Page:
The Harvard Business Review recently commented on Coastal Risk’s technology: "What will this adaptation look like? The answer varies by location. Companies such as Coastal Risk Consulting are developing flood risk statistical models at the parcel level. Competition in forming accurate forecasts will incentivize such firms to design high-quality, useful forecasts. Real estate investors will have strong incentives to respond to these forecasts."
As a home or business owner, you should be aware that increased and repetitive tidally influenced flooding will increase repair and maintenance costs. These added costs may affect property owners’ ability to repay their mortgage loans and may lower the fair market value of their properties.
3. HOW ACCURATE ARE THE FIRST SCORE® AND THE COASTAL RISK RAPID ASSESSMENT™ ?
Our FIRST SCORE® and Coastal Risk Rapid Assessment™ analyses are based on continually-updated science from well-tested, accurate sources including:
1. LIDAR remote sensing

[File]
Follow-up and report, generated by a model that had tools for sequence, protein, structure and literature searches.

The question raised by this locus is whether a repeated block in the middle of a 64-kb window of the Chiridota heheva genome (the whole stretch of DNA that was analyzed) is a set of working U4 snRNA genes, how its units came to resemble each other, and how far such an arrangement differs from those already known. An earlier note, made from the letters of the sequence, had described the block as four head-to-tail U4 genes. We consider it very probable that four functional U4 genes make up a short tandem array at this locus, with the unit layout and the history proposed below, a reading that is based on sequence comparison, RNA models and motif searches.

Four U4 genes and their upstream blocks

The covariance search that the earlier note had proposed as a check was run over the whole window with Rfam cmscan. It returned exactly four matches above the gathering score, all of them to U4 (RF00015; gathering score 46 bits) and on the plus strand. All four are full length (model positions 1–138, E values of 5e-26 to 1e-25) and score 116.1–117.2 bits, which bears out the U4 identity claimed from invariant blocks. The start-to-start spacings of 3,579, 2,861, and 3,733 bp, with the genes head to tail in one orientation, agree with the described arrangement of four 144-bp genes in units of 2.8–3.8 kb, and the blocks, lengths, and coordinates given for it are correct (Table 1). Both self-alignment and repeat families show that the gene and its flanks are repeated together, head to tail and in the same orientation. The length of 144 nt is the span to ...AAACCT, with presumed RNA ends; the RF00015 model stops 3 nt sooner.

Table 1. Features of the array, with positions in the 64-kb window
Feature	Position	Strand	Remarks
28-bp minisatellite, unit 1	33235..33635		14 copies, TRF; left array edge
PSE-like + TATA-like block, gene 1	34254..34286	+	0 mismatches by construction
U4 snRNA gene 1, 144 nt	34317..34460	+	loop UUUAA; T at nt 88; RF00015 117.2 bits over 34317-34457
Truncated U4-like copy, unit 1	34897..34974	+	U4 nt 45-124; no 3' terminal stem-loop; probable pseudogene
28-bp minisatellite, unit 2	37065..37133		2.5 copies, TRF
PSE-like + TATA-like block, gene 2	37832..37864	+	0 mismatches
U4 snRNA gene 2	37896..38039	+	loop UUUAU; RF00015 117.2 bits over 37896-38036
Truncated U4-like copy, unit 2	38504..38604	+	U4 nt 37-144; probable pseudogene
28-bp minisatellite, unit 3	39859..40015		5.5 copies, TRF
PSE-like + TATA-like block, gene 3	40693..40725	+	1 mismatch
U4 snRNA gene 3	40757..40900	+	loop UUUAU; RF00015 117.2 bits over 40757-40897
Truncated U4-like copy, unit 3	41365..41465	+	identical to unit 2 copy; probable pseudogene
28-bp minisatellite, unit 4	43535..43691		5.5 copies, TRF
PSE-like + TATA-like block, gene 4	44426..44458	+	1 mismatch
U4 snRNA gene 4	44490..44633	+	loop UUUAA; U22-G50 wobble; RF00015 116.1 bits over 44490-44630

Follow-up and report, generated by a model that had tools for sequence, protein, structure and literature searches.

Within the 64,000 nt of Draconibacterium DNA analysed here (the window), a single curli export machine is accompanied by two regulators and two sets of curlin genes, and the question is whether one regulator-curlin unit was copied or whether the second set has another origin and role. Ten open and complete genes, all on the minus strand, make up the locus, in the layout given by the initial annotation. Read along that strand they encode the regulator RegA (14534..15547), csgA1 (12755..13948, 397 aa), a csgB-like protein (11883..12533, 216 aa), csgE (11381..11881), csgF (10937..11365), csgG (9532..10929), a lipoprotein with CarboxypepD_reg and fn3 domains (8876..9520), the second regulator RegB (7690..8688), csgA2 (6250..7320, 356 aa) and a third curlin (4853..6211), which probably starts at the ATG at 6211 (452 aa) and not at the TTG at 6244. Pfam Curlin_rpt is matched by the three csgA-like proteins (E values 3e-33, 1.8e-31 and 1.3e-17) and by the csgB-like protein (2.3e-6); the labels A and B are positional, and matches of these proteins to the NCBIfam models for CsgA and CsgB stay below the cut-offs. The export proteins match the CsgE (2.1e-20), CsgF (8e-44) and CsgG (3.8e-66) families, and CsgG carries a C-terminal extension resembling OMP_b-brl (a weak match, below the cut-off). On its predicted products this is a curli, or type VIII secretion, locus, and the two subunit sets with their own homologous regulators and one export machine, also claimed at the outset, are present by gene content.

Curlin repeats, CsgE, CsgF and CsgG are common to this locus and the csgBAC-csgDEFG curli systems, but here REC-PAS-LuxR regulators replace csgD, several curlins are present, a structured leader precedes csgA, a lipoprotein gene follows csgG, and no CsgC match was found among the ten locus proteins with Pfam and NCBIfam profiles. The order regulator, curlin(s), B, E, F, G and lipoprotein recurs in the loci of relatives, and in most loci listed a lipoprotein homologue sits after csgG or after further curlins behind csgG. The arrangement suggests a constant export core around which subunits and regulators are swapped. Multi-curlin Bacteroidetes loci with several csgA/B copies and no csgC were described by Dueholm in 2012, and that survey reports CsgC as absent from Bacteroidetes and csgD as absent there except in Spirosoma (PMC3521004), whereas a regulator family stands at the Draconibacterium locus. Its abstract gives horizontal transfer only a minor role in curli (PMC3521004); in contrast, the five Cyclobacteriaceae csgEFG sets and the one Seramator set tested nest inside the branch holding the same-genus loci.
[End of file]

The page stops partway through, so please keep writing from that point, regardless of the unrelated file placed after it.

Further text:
2. US Army Corps of Engineers’ and NOAA Sea Level Rise Models
3. Aerial photography and Geographic Information Systems (GIS)
4. Long-term tidal readings from NOAA
5. Tidal data from USGS (United States Geological Survey)
6. Government and peer-reviewed local adjustment factors such as land subsidence, erosion, and groundwater
4. CAN THE FIRST SCORE® and COASTAL RISK RAPID ASSESSMENT™ CHANGE OVER TIME? WILL THE DATABASES AND THE ALGORITHMS BE UPDATED?
Our model, algorithms, and databases are regularly reviewed by our Science Team and outside experts and updated as required. Projections for sea level rise and other data inputs are being evaluated on a continuous basis. Coastal Risk Consulting, LLC experts monitor new data and adjust our algorithms and models with the latest information and scientific tools to provide the most accurate scientific projections for your property, which may change over time.
According to one of Coastal Risk’s external peer-reviewers, a tenured university professor and one of the top climate scientists in the US: “First and foremost, the methodology is unique and scientifically sound. In particular, the use of LIDAR measurements for elevation, United States Army Core of Engineers Sea Level Change Curve Calculator for projections, and nearest tide gage data are all on firm scientific ground. The NOAA SLOSH (Sea, Lake, and Overland Surges from Hurricanes) model – maximum of maximums (MOMs) data has been widely used in the scientific community and is fully-recognized as state of the art.”